Repeat mapping and sequence similarity searching can be achieved through the menu item ‘Repeats map’ included in the web interface. The program accepts microsatellite sequences in FASTA format as input in the provided text area. The output presents information on repeats (size of query sequence, presence of compound/composite repeats, number of identified repeats in query sequence SSRs, SSRs number, repeats location and size of repeats) along with summary on alignment of identical/similar sequences. The alignment summary presents targeted sequences accession no., species name, target length, gaps, matches and identity between query and targeted sequences (Figure 5D). The program initially checks the presence or absence of the repeats in the input sequence and assigns a boolean value. If the value is true the program processes the query sequences by using Blastn program and its compatible ‘blastmsdb’ database for similar sequence searches. Thus, it helps to find information about repeats orientation and sequence similarity for the newly generated microsatellite sequences.

Repeat statistics

In order to determine the frequency of different types of repeats from the specimen records available in FishMicrosat, the menu item ‘Statistics’ generates the frequency of each motif found in the database and displays the top three (most common) motifs with the largest frequencies. For example, the statistic view shows that repeats ‘AC’ was found 998 times, ‘TG’ 909 and ‘CA’ 881 throughout all sequences. A repeat type index has also been included to display all the repeats and their frequencies in a table. The dinucleotide repeat type selected as default displays 12 combinations of dinucleotides. The maximum frequency of each type of nucleotide repeats (mono to hexa) can be viewed in the pie diagram (Figure 5E). The largest frequency for a mononucleotide repeat is ‘T’ with 129 occurrences, dinucleotide repeats ‘AC’ with 998 occurrences, trinucleotide repeats ‘CAT’ with 48 occurrences, tetranucleotide ‘ATCT’ with 56 occurrences, pentanucleotide ‘TTATC’ with 2 occurrences and hexanucleotide ‘CACACT’ with 4 occurrences. The database with 4398 sequences of 41 species has 277 mono, 4207 di, 610 tri, 554 tetra, 15 penta, 11 hexa and 279 compound repeats (Table 1). This section also analyzes information on the occurrence of the most frequent and rare nucleotide repeats in the fish genome. The dinucleotide repeats AC|TG (998|909) and CA|GT (881|686) were frequently found while CG|GC (9|7) were rare in fish genome.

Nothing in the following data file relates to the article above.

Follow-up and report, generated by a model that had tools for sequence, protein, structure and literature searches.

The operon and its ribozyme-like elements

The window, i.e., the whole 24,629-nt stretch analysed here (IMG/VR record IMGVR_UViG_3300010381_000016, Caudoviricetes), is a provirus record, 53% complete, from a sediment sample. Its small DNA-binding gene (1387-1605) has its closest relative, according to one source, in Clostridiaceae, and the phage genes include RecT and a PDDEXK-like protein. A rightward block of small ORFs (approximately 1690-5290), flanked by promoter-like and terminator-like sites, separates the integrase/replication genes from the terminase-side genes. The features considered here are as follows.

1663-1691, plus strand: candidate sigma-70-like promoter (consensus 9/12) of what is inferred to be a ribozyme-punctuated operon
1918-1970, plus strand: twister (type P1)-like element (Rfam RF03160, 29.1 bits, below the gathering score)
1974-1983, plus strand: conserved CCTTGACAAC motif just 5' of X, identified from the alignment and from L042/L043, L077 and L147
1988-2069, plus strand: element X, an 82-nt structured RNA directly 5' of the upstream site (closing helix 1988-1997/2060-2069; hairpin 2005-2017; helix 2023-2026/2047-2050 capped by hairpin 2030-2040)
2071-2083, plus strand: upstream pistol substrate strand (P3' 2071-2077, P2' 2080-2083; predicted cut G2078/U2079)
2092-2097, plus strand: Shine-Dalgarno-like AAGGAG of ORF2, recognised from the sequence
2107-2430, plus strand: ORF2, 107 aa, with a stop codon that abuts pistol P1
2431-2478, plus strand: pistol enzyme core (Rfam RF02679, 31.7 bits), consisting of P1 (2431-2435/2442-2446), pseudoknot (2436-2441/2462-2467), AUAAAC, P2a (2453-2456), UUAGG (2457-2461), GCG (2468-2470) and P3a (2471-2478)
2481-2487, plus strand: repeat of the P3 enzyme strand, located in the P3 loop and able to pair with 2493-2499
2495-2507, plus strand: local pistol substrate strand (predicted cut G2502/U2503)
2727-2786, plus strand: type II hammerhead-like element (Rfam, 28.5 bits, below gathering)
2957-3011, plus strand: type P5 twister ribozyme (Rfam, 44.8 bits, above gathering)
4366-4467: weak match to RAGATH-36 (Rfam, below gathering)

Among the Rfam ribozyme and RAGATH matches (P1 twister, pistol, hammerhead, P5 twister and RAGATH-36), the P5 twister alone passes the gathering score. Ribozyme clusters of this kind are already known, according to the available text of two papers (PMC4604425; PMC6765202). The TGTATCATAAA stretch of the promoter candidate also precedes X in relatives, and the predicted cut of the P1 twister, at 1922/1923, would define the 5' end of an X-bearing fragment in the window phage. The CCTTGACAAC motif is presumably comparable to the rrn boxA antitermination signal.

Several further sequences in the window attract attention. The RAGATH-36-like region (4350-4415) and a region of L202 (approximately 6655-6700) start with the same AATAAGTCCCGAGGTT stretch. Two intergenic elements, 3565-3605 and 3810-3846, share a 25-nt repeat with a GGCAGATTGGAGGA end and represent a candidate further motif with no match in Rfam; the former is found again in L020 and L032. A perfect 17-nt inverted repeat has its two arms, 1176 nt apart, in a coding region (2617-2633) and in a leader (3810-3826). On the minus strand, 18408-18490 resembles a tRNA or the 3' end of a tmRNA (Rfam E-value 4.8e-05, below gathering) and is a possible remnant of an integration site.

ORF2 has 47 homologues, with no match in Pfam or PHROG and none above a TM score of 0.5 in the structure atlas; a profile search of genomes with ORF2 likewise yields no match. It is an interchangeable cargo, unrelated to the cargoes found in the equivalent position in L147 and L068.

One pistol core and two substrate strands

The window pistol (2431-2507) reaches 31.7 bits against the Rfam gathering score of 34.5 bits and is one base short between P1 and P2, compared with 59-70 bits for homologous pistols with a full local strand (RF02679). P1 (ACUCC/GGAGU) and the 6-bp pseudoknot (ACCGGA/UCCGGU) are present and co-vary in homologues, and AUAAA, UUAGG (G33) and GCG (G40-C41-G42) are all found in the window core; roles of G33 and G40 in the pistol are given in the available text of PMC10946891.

Conclusions

FishMicrosat is a database of microsatellite sequences of commercially important fishes including shrimps and currently covers 4398 specimen records for 41 species. The database facilitates mining of SSR motifs, repeat orientations and sequence similarities. The statistics presents the relative abundance of microsatellite repeats that occur frequently in the genomes. Additionally, it facilitates in identifying polymorphic loci across species and designing primers for repeat loci, thus providing researchers ready to use information from a centralized location, avoiding the cumbersome process of referring to multiple sources of literature and using multiple programmes. This repository with included tools can play a key role in cutting edge areas of research by assisting with marker selection, linkage mapping, population genetics, evolutionary studies, genetic relatedness among the species and genetic improvement programmes of important aquaculture species.

Availability and requirement

FishMicrosat is freely accessible at URL http://​mail.​nbfgr.​res.​in/​fishmicrosat/​ for research and academic use.

Declarations

Acknowledgements

Authors are thankful to the National Agricultural Bioinformatics Grid (NABG), under National Agricultural Innovation Project (NAIP), ICAR, New Delhi for providing financial support and the Director, NBFGR, Lucknow for providing necessary facilities to carry out the work.

Authors’ Affiliations

(1)
Division of Molecular Biology and Biotechnology, National Bureau of Fish Genetic Resources
(2)
Division of Fish Taxonomy and Resources, National Bureau of Fish Genetic Resources